If someone approaches you about investing in a Prime Bank investment program, walk away. Do not give them your time or money. It’s a scam.
There is an undercurrent of distrust in the financial markets, thinking that the big players have some secret way to make massive amounts of money with no risk. What better way to prey on this distrust that to hook a gullible target into investing alongside these players in this dark, international market.
The fraudsters have an air of secrecy and promise extraordinary returns to leverage the acquisition of prime bank instruments. For some reason, these prime banks sell notes at greatly reduced prices to quickly and secretly raise capital.
The SEC recently shut down one of this scams. Unfortunately, the fraudsters managed to lure in 45 investors and $3.6 million of their cash. The fraudsters added a new wrinkle to the scam by promising to keep the investors’ cash in an attorney’s escrow account until the attorney received proof that the bank had received a stand-by letter of credit which the investors were leasing from a European banking group.
“Leasing” a standby letter of credit?!?
Even after falling for that, there was the lure of a respectable attorney holding their cash. Unfortunately, the Securities and Exchange Commission claims that the attorney, Bernard H. Butts, was in on the scam. (It’s up to the SEC to prove his guilt.)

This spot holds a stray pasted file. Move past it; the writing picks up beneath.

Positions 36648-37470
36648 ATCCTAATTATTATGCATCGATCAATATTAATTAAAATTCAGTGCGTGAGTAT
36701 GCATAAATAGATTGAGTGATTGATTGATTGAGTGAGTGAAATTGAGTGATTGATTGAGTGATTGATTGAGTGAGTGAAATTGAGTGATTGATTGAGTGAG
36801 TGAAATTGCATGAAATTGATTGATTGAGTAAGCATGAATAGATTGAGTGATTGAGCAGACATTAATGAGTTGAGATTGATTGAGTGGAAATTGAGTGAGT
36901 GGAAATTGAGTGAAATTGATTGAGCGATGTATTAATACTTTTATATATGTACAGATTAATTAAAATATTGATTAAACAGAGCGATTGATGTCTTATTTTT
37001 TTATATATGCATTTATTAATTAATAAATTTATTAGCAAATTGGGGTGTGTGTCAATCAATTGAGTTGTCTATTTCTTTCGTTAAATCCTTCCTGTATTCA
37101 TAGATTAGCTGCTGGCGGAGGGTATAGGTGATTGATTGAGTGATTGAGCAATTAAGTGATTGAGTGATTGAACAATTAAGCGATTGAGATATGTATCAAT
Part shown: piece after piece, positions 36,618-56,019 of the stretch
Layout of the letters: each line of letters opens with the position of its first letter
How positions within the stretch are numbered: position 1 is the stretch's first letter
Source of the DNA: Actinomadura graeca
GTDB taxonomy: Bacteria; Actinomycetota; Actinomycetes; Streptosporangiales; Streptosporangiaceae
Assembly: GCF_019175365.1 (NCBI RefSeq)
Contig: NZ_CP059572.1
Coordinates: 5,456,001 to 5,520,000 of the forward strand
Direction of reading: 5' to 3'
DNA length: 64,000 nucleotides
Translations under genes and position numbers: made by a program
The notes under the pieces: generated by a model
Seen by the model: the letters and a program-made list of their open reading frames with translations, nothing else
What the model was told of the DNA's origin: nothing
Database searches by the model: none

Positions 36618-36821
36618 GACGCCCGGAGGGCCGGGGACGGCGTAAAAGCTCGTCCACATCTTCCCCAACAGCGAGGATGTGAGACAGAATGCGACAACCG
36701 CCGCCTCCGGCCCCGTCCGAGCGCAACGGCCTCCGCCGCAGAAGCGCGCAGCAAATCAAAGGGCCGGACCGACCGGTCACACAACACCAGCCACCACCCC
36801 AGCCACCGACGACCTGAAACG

Interestingly, Butts himself had apparently fallen for an investment scam. According to news report, he had apparently “invested” with Jason Meyer who held out no-risk investments in Mexican historic bonds, tropical timber and fantasy Ecuadorean gold mines. Meyer had claimed that Butts’ initial investment was performing well and arranged to have $1 million of profit wired back. Instead, Butts doubled down and reinvested that cash. Then he sent another $1 million for more investments. Meyer was fraudster. Butts lost nearly all of that cash.
What motivated Butts to get involved in the prime bank scam? Maybe he had learned techniques from Meyer. Maybe he was desperately trying to get back some of the cash he had lost. Maybe he was duped into acting as escrow agent and didn’t realize there was a scam going on again.
But we can learn from this. There is no such thing as a lucrative market for prime bank investments.
- Prime Bank Investment Fraud in Investor.gov
- How Prime Bank Frauds Work by the Securities and Exchange Commission
- SEC Halts Florida-Based Prime Bank Investment Scheme
- SEC Complaint against Bernard H. Butts, Jr., Fotios Geivelis, Jr., and Worldwide Funding III (.pdf)
- Promised returns never materialized, investors allege
- Rochester Man Pleads Guilty to Wire Fraud and Money Laundering